- What I Did (and Didn't Do) on My Summer Vacation
- 9/11 in Retrospect: Bush's Grand Strategy, Reconsidered
- War Costs Greater Than Acknowledged and Continuing to Climb
- China, the United States, and Global Order
- Palestine Goes to the UN
- Europe's Palestine Problem
- Turkey-Israel: What's next?
- Turkey's Akyol, An Apostle Of The Third Way
- Will Oil Drown the Arab Spring?
- Al Qaeda's Challenge
- Libya's 'Precarious' Transition Ahead
- 7 Challenges for Post-Qadhafi Libya
- To the Shores of Tripoli
- Victory in Tripoli. Bleakness Elsewhere
- Egypt: The Unbreakable Muslim Brotherhood
- Commanding Democracy in Egypt
- Bahrain Stumbles on Road to Recovery
- Syria's Al-Assad Gets the Picture as Satire Comes to YouTube
- Kurds Unite Amid Onslaught
- Former Israeli Army Chief Says Talk to Hamas
- For Russia New Middle East will be Tough Arms Market
- Arab Spring Still Fails to Deliver on Human Rights
- The Hype and the Reality of China's Economic Rise
- A New Kind of Korea: Building Trust Between Seoul and Pyongyang
- Kim Jong Il's Visit to Russia: Just More Mixed Messages?
- North Korea Accuses South Korea of Plotting to Destroy Its Socialist System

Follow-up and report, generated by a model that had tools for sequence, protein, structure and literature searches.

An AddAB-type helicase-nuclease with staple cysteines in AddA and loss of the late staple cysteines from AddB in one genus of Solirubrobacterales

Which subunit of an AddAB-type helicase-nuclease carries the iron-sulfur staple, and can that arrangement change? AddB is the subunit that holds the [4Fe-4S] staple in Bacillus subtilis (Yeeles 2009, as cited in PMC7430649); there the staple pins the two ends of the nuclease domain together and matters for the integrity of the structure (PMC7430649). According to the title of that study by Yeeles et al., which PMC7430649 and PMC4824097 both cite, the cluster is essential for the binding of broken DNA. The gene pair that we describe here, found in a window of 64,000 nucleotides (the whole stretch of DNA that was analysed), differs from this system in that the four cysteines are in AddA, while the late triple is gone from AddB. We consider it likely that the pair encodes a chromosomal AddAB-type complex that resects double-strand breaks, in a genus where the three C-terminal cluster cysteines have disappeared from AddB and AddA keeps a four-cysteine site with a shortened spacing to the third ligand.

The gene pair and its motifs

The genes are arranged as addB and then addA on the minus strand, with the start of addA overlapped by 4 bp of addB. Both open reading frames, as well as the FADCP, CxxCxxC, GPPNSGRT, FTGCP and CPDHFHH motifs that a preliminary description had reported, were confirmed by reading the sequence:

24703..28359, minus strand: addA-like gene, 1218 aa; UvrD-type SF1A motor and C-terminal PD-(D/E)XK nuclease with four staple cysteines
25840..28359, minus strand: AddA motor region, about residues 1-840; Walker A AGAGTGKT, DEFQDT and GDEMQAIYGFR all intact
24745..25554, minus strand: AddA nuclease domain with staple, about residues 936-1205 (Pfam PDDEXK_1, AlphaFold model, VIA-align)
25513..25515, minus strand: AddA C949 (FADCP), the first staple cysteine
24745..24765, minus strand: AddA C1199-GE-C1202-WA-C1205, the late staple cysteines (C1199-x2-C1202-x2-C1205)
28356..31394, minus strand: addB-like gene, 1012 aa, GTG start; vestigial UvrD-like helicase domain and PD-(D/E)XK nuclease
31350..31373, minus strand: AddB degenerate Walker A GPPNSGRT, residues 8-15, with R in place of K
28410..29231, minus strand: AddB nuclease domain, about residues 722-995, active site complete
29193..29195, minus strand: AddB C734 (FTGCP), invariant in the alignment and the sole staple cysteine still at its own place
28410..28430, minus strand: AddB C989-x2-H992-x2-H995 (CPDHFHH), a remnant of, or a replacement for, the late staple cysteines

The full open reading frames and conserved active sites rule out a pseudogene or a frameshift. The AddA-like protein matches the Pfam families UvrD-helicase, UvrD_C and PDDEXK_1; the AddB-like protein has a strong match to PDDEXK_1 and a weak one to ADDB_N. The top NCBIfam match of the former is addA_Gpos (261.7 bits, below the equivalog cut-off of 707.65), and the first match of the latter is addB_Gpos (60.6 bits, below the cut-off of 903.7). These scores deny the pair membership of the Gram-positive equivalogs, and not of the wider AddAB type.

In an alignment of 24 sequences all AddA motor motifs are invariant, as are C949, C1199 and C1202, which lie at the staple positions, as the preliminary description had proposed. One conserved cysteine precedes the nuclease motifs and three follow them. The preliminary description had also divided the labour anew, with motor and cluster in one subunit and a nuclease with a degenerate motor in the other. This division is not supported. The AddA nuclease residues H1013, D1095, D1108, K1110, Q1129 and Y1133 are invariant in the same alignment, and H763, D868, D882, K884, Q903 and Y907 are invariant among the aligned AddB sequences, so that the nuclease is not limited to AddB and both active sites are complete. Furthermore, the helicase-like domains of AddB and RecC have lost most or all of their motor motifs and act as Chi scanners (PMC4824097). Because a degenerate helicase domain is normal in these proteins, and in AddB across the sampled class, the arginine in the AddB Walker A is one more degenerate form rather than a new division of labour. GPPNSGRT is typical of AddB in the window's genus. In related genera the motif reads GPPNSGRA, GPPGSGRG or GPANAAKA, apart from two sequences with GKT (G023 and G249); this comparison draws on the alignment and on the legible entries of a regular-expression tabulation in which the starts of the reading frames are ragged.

- South Korea Suicide Rate Doubles in 10 Years
- Tokyo's Transformation: How Japan Is Changing
- Credit Suisse Downgrades Forecast for Philippine Economic Growth
- Mexico and the United States: Surgical Strikes in the Drug Wars
- Despite Victory, Argentine Leader Faces Hard Choices
- Chilean 'Model' Is Shaken, but Very Much Alive
- Student Protests May Lead to a Better Chile
- Winds of Change: Uruguay's Sustainable Energy Plans
- Leaving Afghanistan to the Afghans
- Balkan Countries Work To Round Up Privately Held Weapons
- Former Iceland Prime Minister On Trial Over Banking Sector Collapse
- Germany's Rail Set to Run on 100 Percent Renewable Energy
- Divvying up South Sudan
- Somalia Seeks More Troops Against Al-Shabaab
- 20,000 Flee Blue Nile Clashes
- Climate of Fear Ahead of Gambia Presidential Elections
- Hungry Kenyan Families Sending Children Out to Beg
- Somali Border Town Feels the Refugee Pressure
- Cholera Soars in Lake Chad Basin Countries
- Somali Pirates Grow More Daring
- Two Million Hit By Floods in Pakistan's Sindh Province
- Global Health: Meaty Concerns
- Global Health: A Seminal Moment?
- Human Trafficking: The Wound That Shames Our Present
- How New Atrocity-Prevention Steps Can Work
- 9/11 Anniversary: Rethink Needed
- 9/11 Anniversary: From Empire to Decline
- 9/11 Anniversary: Scanning Bodies, Stripping Rights?
- Assassination as Foreign Policy